“O son, seek not To wed your daughter to a Latian prince, Nor trust in bridal chambers all prepared. A foreigner comes, they future son-in-law, Whose blood shall lift our name up to the stars; Whose progeny shall see beneath their feet All lands subdued and governed, wheresoever The ocean greets the risen or setting sun.”
“Hail, land for me predestined by the fates! And you, O true Penates of our Troy, Hail! Here our home, and here our country lies.”
“Dare you, O Turnus, see these toils of yours Lavished in vain, your scepter pass away To Dardan colonists? The king denies To you your bride and dowry bought with blood, And for his kingdom seeks a foreign heir. Go now, and brave the dangers that can reap No thanks, but only scorn! Go, and smite down The Tuscan bands. Protect the Latin race With peace.”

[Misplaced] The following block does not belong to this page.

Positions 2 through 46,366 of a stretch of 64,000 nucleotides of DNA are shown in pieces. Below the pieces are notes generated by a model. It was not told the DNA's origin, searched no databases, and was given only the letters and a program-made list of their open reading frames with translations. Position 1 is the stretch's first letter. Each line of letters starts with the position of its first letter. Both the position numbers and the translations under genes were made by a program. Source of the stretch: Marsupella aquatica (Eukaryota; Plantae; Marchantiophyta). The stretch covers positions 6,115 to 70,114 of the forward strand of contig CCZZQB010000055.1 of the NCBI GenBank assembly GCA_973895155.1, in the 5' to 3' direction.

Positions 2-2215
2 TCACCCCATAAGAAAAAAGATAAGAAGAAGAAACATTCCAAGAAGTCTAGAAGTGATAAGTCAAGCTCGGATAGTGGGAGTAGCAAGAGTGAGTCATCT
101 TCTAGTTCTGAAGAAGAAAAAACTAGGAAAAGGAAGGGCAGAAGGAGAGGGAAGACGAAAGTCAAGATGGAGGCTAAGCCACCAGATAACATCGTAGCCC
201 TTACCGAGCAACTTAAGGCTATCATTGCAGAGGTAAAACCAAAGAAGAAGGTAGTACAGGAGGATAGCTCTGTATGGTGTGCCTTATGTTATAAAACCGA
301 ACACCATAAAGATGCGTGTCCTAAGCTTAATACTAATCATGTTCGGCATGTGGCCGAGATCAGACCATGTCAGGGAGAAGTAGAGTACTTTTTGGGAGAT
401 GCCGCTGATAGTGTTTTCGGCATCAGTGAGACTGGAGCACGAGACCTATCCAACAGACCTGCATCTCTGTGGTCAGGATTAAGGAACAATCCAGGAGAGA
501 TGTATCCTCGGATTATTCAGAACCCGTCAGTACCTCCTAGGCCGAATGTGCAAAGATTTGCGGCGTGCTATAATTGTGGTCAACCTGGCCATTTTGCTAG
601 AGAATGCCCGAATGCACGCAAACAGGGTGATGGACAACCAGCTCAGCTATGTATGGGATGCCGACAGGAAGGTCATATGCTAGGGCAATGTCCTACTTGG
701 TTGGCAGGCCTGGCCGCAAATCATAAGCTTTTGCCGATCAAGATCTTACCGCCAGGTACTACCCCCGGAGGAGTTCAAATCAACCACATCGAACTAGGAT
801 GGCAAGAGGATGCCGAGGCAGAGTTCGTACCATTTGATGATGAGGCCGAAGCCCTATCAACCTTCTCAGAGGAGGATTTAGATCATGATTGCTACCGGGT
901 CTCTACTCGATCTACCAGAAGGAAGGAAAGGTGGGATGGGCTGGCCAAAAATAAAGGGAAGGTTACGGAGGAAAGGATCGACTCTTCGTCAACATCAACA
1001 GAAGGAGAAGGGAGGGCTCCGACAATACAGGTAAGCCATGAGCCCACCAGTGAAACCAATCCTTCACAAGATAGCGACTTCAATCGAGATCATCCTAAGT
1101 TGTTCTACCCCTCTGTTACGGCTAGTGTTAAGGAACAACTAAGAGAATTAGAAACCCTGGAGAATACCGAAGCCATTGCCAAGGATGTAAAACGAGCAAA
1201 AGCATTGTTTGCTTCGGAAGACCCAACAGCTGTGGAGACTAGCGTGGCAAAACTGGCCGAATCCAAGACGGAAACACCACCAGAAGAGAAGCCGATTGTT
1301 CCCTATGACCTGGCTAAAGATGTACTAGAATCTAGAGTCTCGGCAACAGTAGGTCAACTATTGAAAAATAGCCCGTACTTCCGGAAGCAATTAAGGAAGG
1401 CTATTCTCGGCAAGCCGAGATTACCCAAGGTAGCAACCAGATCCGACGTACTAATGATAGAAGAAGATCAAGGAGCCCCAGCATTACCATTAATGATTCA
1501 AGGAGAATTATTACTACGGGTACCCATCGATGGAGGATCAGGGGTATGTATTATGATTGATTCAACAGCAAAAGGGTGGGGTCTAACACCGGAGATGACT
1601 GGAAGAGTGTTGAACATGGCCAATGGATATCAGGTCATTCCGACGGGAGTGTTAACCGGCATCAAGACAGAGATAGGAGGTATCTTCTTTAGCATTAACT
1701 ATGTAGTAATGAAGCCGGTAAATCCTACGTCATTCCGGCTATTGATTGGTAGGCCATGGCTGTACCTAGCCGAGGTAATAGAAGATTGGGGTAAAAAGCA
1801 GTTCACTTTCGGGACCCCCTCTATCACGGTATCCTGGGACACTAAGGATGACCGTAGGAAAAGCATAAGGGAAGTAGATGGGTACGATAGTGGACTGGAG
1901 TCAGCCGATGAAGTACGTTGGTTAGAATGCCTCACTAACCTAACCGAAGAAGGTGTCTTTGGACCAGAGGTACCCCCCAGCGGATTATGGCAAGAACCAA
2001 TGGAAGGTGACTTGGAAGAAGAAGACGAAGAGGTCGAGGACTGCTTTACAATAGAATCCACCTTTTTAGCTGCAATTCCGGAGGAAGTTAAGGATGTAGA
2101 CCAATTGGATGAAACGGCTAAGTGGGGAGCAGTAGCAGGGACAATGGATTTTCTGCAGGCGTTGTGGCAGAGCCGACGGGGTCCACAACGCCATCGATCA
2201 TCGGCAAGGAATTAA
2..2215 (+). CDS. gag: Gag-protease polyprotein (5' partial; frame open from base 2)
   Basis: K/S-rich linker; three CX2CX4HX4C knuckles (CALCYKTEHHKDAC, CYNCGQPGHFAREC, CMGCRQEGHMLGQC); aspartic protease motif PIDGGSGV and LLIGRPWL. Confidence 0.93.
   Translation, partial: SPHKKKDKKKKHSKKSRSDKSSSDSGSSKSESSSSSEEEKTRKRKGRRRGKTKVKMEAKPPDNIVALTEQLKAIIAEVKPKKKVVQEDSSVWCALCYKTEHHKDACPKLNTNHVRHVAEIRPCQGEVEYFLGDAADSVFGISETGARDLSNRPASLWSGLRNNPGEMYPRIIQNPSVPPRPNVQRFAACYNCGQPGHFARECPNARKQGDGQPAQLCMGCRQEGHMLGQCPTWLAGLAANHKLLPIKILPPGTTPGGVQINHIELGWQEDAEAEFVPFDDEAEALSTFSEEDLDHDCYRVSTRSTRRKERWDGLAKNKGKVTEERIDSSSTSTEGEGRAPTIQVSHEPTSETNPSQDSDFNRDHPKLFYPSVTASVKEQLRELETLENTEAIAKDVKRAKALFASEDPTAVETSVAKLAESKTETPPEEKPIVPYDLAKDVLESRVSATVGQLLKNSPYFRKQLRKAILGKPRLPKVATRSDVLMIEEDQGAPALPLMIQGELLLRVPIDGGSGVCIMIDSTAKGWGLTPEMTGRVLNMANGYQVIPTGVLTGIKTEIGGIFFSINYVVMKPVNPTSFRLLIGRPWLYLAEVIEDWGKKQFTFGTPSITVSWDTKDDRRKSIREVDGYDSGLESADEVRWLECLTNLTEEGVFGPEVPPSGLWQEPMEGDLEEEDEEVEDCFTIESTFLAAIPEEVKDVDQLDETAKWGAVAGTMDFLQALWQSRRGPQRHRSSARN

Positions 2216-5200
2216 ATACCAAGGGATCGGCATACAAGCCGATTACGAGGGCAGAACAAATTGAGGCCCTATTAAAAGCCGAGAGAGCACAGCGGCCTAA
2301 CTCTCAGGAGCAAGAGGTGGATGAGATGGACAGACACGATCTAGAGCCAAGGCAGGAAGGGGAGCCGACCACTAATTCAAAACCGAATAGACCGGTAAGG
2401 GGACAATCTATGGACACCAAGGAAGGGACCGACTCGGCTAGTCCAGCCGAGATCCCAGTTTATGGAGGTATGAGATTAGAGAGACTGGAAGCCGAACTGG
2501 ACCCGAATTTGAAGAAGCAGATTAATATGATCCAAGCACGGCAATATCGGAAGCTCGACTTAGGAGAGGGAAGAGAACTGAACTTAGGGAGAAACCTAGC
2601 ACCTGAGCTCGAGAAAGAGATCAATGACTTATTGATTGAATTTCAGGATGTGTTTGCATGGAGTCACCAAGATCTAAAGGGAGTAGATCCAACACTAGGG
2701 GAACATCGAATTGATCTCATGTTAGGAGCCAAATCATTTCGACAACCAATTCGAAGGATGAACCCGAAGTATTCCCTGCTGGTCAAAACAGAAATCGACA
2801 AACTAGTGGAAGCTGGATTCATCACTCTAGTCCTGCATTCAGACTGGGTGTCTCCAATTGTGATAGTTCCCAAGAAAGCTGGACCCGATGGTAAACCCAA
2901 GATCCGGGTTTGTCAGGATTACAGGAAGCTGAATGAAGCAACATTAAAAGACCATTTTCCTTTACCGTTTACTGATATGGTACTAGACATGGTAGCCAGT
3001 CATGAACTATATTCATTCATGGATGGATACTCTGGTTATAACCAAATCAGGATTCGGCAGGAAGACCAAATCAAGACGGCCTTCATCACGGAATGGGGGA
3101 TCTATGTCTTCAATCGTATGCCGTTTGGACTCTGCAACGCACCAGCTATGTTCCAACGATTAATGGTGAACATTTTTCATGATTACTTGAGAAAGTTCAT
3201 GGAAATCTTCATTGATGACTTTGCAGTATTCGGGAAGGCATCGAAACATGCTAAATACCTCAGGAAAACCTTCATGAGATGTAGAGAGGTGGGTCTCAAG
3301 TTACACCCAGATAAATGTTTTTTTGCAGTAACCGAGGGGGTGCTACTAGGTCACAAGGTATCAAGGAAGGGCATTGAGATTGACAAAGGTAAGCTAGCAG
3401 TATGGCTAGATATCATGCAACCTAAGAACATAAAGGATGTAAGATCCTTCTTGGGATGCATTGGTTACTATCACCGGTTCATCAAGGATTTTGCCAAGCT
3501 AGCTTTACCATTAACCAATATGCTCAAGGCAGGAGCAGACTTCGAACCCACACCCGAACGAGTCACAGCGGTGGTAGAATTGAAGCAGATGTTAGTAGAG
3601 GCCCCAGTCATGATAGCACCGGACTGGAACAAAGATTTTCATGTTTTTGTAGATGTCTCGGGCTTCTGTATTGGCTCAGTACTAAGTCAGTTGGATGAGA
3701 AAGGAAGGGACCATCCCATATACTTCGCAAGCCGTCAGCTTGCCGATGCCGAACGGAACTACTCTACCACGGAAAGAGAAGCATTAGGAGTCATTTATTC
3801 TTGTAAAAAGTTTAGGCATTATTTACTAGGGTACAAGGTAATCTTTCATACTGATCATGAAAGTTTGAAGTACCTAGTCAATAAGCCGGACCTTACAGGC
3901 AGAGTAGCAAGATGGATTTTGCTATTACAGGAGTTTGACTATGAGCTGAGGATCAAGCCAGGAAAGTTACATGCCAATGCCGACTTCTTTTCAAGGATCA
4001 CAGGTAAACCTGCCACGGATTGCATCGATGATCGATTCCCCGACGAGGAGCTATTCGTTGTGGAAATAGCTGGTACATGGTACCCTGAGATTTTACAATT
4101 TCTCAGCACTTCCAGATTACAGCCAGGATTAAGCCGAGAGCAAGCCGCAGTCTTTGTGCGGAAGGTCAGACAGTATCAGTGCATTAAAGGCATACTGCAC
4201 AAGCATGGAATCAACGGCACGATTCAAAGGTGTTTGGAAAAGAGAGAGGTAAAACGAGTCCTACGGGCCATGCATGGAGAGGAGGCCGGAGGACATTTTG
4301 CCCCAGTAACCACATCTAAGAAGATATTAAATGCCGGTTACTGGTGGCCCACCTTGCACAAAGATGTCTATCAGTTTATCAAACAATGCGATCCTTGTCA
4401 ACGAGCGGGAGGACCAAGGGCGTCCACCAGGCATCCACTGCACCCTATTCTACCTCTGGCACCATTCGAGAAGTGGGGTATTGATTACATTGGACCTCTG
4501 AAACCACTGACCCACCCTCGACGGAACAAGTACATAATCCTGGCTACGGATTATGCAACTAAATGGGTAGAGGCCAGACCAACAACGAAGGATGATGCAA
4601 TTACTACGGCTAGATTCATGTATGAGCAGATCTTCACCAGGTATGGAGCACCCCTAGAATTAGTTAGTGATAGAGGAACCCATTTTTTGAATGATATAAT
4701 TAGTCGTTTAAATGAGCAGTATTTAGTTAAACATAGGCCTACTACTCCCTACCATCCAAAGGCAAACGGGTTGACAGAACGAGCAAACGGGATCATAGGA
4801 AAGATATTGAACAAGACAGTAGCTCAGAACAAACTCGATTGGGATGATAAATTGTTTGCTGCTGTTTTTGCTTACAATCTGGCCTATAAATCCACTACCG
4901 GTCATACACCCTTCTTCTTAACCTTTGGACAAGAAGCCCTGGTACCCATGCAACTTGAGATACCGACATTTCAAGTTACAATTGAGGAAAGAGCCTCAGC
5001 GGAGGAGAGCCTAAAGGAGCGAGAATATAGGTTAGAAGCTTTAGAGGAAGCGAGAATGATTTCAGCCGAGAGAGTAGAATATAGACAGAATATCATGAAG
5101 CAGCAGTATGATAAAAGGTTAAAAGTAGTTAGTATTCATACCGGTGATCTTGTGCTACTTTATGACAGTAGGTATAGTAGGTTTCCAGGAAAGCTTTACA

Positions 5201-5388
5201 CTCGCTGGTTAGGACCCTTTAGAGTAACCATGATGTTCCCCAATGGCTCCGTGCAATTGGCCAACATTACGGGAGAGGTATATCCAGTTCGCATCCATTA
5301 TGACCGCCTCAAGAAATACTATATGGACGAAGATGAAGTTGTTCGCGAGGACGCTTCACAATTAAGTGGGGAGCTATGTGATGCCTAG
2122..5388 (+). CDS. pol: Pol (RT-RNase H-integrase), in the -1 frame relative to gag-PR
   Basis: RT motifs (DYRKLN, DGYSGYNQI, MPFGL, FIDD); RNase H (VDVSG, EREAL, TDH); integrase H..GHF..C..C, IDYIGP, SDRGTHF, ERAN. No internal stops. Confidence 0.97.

Then, at the signal of the dreadful horn, On every side the untamed peasants snatch Their arms, and rush together; and the youths Of Troy all from their open camp pour forth To help Ascanius. Battle lines are formed.
Then the queen of gods, herself Descending from the skies, pushed with her hand The unwilling gates, and turned the hinges back, And open burst the iron gates of war.